New Liberalism: The Political Economy of J.A. Hobson

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University of Toronto Press, Dec 15, 1981 - Political Science - 288 pages

John A. Hobson was a prominent member of a small band of British radicals who argued around the turn of the century that the consistent application of liberal ideas required the reorganization of capitalist societies along socialist lines. Allett here suggests that their march toward socialism was marked by a caution not overly to damage the liberal heritage of their forefathers and yet to provide a philosophical foundation for the creation of the welfare state, justified on the basis of right and efficiency.

The author emphasizes Hobson’s doctrine of imperialism and the related theory of under-consumption for which he is best known, while arguing that the lesser known of Hobson’s doctrines—which the author describes as the ‘organic theory of surplus value’—is essential to a full appreciation of the coherence of Hobson’s thought.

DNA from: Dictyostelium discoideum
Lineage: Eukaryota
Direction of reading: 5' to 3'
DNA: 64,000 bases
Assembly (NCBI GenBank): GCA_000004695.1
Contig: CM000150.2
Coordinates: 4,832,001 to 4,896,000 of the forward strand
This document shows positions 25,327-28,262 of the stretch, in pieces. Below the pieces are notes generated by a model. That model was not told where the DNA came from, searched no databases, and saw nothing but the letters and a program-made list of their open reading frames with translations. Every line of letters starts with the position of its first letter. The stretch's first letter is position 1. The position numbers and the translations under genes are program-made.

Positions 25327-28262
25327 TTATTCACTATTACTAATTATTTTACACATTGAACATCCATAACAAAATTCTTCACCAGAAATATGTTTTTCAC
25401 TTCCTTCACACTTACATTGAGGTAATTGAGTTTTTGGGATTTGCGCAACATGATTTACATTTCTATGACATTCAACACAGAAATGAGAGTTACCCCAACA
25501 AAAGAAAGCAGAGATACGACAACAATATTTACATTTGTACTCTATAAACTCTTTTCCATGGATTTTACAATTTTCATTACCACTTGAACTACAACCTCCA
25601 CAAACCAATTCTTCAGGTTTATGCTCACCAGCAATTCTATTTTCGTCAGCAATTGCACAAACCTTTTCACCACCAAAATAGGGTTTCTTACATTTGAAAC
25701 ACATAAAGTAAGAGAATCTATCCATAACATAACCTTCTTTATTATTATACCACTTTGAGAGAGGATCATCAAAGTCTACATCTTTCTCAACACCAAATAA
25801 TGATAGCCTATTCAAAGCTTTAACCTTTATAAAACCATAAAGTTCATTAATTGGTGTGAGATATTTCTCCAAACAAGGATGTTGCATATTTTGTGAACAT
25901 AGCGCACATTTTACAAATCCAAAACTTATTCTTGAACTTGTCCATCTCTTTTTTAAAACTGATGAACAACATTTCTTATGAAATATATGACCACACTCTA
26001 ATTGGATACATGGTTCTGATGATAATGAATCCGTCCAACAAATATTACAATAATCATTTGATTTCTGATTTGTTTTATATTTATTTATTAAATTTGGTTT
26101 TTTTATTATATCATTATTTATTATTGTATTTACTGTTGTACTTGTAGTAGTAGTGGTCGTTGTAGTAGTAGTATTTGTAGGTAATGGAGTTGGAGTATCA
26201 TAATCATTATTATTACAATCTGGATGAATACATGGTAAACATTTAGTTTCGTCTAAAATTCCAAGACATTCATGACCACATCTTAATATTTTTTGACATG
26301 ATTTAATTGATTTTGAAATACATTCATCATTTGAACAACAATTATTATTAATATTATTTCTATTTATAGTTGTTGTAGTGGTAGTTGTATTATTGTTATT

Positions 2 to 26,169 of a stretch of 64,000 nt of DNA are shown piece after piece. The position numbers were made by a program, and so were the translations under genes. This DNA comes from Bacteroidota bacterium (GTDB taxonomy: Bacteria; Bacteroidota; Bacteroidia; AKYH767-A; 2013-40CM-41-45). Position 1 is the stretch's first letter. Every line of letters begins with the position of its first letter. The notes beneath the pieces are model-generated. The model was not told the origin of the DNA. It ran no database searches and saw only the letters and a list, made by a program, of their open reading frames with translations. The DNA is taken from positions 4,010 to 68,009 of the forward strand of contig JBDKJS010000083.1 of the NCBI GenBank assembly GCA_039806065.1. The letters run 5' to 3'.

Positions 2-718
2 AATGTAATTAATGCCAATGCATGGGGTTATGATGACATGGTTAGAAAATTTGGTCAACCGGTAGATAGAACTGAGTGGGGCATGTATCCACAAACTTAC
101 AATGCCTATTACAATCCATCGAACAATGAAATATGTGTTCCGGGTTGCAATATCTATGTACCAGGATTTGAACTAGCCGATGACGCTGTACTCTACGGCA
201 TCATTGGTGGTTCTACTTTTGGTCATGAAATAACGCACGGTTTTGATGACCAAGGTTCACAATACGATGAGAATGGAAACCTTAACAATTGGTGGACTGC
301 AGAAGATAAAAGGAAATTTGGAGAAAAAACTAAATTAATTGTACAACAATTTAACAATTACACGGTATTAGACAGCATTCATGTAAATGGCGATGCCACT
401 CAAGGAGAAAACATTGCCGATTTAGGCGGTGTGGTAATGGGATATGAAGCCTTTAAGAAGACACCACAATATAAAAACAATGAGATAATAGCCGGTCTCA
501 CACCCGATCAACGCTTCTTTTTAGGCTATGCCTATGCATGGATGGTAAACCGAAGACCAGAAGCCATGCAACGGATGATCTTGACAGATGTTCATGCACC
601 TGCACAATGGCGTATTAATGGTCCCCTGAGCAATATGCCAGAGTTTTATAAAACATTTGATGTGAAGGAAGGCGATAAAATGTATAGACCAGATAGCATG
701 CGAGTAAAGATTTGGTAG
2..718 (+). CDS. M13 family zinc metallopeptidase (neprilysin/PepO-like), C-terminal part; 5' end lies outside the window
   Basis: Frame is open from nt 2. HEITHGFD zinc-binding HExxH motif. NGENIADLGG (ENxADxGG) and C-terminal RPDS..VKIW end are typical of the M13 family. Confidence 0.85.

Allett compares the analyses of Hobson, Adam Smith, J.S. Smith, the Webbs, T.H. Green, Bosanquet, Marx, Lenin, Keynes, and Hobson’s comrade-in-arms L.T. Hobhouse and puts in perspective the dismissive critiques of those contemporary scholars who claimed that Hobson’s work is value-laden, simplistic, and contradictory.

This study presents an integral analysis of the life, times, and thought of a profound and original thinker, whose legacy to social democratic thought has yet to be fully appreciated.


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About the author (1981)

John Allett is an associate professor in the division of Social Science at York University. Previously, he was an assistant professor in Political Studies at Trent University.

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